that I loved.
She said, "He deserves you."
She didn't say, "Oh, yes, you
know, you're 50 years old,
you should be married."
She said, "He deserves you."
Which was a wonderful
compliment to both of us.
This is my off... Oh, this
is when we got married.
This is, we met at the office.
Oh, this is the
restaurant we went to.
- No, no, no, no.
- Yes.
No, Barry, this is my office.
[Barry] My birthday
was coming up
and Diane was giving a party
for Alex and Tatiana and me,
'cause we're all Aquarians.
[Diane] I said, "If you want,
I'll marry you for your birthday."
[Barry] Okay, we'll get
married at City Hall,
we'll tell no one,
and that's what we did.
[Diane] And these are
Annie Leibovitz's pictures.
- [Barry] These are all Annie's.
- [Diane] Yeah.
[Barry] Our friend
Annie Leibovitz
took all of our wedding
pictures as a present.
[Diane] It was very sweet,
he gave me 26 wedding bands
for the 26 years that
we had not been married.
[Barry] I think she's
given a few away,
but she has still
most of them, I hope.
[Diane] Love is life.
It's one of the best
relationships I know.
And, you know, they don't
even live in the same house.
[Seth Meyers] My
wife and I often say,
I really hope that we could
get to the point in our life
where we are as good a fit
as the two of them together.
They will both cut
the other one off
the second they think they're
saying something stupid.
If that's not love,
I don't know what is.
- That's not Coldwater.
- Yes.
- No.
- Yes.
- Nope.
- Yes.
I mean, a lot of people just
say really fast together
like, you know, Barry and Diane.
I mean to me they're separate
because I knew them separately,
but I also see them
as being together,
but not so much as like a couple
in that kinda old-fashioned way.
You know, the world is now,
like, immensely accommodating
to every kind of relationship.
[director] Andy Warhol
said, "I guess the reason
"Diller and Diane are a couple is
because she gives him straightness
and he gives her powerfulness."
What is your response to that?
Ooh, it could be the
other way around.
I don't know what it means.
I don't know what it means.
I think we give
each other power.
It-it seems disrespectful
to what we are together.
We're a great romance.
What are we going to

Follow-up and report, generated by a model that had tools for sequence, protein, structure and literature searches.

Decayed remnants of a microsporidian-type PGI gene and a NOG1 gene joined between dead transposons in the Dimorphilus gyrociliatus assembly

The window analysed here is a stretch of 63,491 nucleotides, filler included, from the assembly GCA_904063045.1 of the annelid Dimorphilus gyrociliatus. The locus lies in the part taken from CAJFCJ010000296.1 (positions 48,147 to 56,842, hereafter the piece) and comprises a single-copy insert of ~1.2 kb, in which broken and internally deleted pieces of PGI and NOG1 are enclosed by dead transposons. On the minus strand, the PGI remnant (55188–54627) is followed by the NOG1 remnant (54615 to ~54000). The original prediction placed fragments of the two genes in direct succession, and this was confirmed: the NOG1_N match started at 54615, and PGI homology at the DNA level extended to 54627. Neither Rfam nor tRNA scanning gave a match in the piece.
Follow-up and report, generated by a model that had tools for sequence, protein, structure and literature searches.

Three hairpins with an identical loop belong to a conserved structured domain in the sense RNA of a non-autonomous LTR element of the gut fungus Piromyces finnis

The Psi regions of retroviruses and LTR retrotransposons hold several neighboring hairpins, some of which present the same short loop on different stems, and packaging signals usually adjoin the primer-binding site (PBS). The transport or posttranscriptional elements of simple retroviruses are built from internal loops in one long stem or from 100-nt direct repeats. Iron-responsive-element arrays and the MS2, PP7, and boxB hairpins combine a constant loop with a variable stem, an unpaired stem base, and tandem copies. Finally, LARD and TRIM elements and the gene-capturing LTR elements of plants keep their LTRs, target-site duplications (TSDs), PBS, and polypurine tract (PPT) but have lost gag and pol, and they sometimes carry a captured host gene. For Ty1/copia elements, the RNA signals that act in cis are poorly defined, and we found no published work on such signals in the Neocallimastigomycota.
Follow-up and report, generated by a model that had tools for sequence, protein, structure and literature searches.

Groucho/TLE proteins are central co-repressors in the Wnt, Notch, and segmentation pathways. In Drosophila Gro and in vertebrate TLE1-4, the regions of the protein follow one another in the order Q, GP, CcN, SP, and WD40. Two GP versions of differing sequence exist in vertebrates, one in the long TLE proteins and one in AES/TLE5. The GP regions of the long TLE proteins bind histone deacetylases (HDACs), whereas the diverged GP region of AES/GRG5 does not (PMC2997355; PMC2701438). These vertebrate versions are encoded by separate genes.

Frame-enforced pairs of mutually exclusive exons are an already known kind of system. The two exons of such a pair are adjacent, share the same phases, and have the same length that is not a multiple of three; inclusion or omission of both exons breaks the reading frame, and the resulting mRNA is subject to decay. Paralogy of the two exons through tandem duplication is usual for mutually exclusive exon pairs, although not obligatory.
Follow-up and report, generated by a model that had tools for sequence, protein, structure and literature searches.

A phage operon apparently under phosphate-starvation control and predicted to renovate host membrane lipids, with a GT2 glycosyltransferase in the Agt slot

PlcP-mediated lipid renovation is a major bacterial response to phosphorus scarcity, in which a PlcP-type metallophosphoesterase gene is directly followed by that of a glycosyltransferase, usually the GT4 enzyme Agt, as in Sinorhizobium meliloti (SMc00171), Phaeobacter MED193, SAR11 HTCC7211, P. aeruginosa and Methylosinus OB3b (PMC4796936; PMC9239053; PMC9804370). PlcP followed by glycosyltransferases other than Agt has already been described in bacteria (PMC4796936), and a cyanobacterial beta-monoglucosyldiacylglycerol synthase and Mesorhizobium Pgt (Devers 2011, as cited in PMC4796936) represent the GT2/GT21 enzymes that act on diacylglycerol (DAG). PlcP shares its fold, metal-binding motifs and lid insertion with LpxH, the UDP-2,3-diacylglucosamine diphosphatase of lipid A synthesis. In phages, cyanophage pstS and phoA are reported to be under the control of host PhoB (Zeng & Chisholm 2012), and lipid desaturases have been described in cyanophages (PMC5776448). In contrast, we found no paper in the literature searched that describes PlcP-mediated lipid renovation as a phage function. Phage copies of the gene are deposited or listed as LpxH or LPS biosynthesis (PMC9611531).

do when people say,
isn't it just a
marriage of convenience?
I know, Diane knows
our relationship,
and frankly, while it is of
interest to other people,
and they can speculate
the rainbow, who cares?
[inaudible dialogue]
Her children and
her grandchildren
became my family...
and her mother.
[inaudible dialogue]
[inaudible dialogue]
[Fran] Lily lived
to be quite old.
I mean, Diane had
her for a long time.
Diane would take her on
these vacations on the boat.
I mean, most people I know
wouldn't, like, choose,
who do you wanna
invite on vacation?
Mom. Most people, no, they
don't wanna invite Mom, um,
but Diane did.
[gentle music playing]
[Diane] My mother
lived a long life,
she died after Antonia was born.
The day I brought Antonia
home for the first time
is the last time
that I ever saw Lily.
She gave me her word that she
was gonna meet my daughter
and she hung on, barely.
She walked into the hospital
room, she met my daughter.
They have the same
deep brown eyes.
It was probably the most
emotionally intense day of my life
because I was bringing
home my daughter
but I was saying goodbye to the
woman who'd been a mother to me.
And she passed away
about a week later.
[Antonia Steinberg] I definitely
heard a lot of stories about Lily,
especially from my grandmother.
Those things that
she just repeats,
"Fear is not an option,
don't be a victim."
That actually is who she is,
she is very much like that.
I think that's hugely
to do with Lily.
[audience cheering]
Diane von Furstenberg
revolutionized style in the 1970s
when she designed her
signature wrap dress.
Now she's teamed up with her
20-something daughter-in-law, Alexandra
to relaunch that dress that your
mom probably still has in her closet
and is probably still wearing.
[audience applauding]
Around '98, I was
beginning to notice
the people who actually
wanted to wear the wrap dress
were not the people my age...
["One Way Or Another"
by Blondie playing]
but they were the very hip girls
who would wear them with sneakers.
[Talita] A whole new
generation of girls
was sort of going
through vintage shops
and buying this dress.